19 Muscle Maintains a glycogen reserve, glucose is the preferred fuel for bursts of activity. During intense activity, when O 2 is depleted, does glycolysis. Pyruvate is converted to lactate or alanine, which are converted back to pyruvate for complete consumption, by liver (this borrows time). Muscle also transaminates amino acids to make them usable as fuels in the citric acid cycle. Resting muscle derives 85% of its energy from fatty acids. Heart muscle does not readily resort to glycolysis, and does not maintain glycogen reserves. Citric acid cycle activity is crucial. Fatty acids are the major fuel (ketones in a pinch).

20 Fat Tissue (Adipose tissue) Contains huge reservoir of fuel: fat. The triacyl glycerols need to be broken into fatty acids plus the glycerol backbone first. When triacyl glycerol is to be consumed, removal of the first fatty acid is rate limiting. This step is under hormonal regulation: stimulated by adrenalin (epinephrine). Fatty acids are synthesized in liver and assembled into triacyl glycerols in fat cells. An intermediate of glycolysis, DHA, is needed. If lots of glucose is available (and therefore lots of DHA) triacylglycerol is reformed. Otherwise the fatty acids are released into blood for use by other tissues.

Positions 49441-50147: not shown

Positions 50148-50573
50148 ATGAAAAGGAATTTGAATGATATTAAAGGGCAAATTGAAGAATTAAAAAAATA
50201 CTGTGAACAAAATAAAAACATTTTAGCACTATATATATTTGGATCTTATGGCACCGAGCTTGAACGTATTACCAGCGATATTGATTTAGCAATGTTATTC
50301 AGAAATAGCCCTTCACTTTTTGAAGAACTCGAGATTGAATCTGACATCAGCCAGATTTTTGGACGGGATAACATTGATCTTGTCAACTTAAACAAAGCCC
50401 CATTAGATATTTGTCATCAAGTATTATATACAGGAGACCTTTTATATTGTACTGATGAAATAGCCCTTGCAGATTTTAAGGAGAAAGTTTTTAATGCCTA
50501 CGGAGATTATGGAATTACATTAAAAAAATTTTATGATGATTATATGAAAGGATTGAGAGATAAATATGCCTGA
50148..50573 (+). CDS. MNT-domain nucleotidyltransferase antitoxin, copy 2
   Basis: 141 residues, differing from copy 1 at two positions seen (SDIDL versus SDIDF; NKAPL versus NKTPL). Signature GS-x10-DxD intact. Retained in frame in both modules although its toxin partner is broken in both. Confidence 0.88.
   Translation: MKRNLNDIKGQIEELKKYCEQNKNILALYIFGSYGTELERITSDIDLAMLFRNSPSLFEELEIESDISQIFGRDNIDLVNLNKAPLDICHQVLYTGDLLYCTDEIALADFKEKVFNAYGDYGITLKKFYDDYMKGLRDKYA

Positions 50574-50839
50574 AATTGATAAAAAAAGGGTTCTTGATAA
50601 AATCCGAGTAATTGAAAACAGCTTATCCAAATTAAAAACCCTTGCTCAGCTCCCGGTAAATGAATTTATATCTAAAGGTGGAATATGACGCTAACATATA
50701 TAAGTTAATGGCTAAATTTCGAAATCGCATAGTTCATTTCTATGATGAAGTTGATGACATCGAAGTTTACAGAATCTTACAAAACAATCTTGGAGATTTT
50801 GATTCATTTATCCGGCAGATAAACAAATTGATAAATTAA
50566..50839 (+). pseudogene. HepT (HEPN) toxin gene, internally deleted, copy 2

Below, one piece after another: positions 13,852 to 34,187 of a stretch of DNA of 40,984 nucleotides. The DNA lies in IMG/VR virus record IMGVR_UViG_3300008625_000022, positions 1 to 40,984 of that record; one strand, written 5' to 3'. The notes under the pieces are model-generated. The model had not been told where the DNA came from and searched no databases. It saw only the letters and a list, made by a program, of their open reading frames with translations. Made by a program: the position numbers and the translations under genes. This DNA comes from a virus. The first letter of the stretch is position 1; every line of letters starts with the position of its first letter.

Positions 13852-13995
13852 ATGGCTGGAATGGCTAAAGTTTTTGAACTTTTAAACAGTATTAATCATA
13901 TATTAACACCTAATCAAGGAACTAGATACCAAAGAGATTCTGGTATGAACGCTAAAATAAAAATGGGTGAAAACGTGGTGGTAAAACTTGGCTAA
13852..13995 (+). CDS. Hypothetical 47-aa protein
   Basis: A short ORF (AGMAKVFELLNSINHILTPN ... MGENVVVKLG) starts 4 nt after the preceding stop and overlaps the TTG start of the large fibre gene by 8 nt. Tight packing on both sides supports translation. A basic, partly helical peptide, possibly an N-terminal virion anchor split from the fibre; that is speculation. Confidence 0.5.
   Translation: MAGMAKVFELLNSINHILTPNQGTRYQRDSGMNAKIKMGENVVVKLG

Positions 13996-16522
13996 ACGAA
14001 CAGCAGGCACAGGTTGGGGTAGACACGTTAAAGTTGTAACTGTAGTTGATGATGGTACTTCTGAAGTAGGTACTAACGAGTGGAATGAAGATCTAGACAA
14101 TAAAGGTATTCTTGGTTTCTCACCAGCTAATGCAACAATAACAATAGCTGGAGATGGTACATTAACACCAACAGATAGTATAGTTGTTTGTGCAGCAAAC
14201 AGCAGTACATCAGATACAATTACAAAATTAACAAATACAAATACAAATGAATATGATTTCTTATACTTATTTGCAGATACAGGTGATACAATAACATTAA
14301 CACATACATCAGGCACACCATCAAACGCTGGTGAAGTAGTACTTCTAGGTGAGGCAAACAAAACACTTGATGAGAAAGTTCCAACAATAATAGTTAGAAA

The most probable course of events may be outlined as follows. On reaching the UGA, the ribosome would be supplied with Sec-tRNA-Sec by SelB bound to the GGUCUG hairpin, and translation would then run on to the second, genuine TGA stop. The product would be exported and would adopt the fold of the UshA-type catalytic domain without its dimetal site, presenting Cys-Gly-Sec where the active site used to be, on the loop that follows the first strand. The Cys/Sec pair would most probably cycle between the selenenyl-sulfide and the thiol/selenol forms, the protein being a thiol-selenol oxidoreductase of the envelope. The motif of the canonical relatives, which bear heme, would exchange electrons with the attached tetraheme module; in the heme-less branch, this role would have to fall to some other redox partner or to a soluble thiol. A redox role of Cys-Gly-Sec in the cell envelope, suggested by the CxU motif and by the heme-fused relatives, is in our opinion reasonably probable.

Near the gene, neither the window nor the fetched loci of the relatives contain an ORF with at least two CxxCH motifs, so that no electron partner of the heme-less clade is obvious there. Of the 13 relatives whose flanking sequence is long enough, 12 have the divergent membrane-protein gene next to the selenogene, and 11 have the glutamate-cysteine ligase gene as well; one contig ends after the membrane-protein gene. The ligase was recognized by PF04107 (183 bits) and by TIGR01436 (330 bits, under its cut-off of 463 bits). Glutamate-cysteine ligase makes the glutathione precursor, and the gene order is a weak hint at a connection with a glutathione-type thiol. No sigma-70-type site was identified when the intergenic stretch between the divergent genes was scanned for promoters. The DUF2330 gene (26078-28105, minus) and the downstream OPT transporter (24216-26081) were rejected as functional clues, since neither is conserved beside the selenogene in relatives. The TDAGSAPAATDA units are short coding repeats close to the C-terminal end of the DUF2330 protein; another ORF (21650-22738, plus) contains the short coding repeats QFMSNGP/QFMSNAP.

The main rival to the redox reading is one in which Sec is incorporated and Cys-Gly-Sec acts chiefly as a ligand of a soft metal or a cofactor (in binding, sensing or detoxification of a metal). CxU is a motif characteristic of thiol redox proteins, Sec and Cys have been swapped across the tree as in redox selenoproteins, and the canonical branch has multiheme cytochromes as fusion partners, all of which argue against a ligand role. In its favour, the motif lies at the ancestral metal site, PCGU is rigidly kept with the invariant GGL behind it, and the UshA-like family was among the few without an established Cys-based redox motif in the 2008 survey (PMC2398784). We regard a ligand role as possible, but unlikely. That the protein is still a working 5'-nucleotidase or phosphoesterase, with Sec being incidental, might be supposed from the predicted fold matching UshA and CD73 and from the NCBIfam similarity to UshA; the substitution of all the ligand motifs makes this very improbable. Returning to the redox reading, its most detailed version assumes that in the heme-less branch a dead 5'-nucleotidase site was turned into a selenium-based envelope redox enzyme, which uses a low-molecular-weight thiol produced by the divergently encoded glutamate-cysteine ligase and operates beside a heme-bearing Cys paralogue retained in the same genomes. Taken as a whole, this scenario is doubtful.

21 To burn or to store? Unneeded Acetyl-CoA fatty acyl-coas = R-CoA, R = fatty acid. Glycolysis DHAP glycerol. 3 R-CoA + glycerol triacyl glycerol (a fat molecule). Liver cells lipoprotein triacyl glycerol 3 R-CoA + glycerol ( consumption) Blood R-CoA β oxidation in muscle/liver. R-CoA Fat cells : insulin? +glycerol? glycerol fat : adrenalin, glucagon

22 Liver A metabolic hub. (Be nice to your liver). Removes all sugars other than glucose from blood. Makes reserves of glycogen (up to 400 Cal worth). Leaves some glucose for other tissues. (which ones?) Excess glucose acetyl CoA fatty acids. When glucose runs short, makes it from lactate, alanine (muscle), glycerol (fat). When fuel is very scarce, uses fatty acids as fuel (β oxidation and ketone production). This is regulated in oppositely to fatty acid synthesis. When amino acids must be burned, the liver does this too, after removal of N and excretion as urea ( CO(NH 2 ) 2 ). The C skeletons (α keto acids) are used to make glucose or fatty acids. Liver uses α keto acids as fuel, NOT glucose, which it sends back into blood for the brain and muscle.

23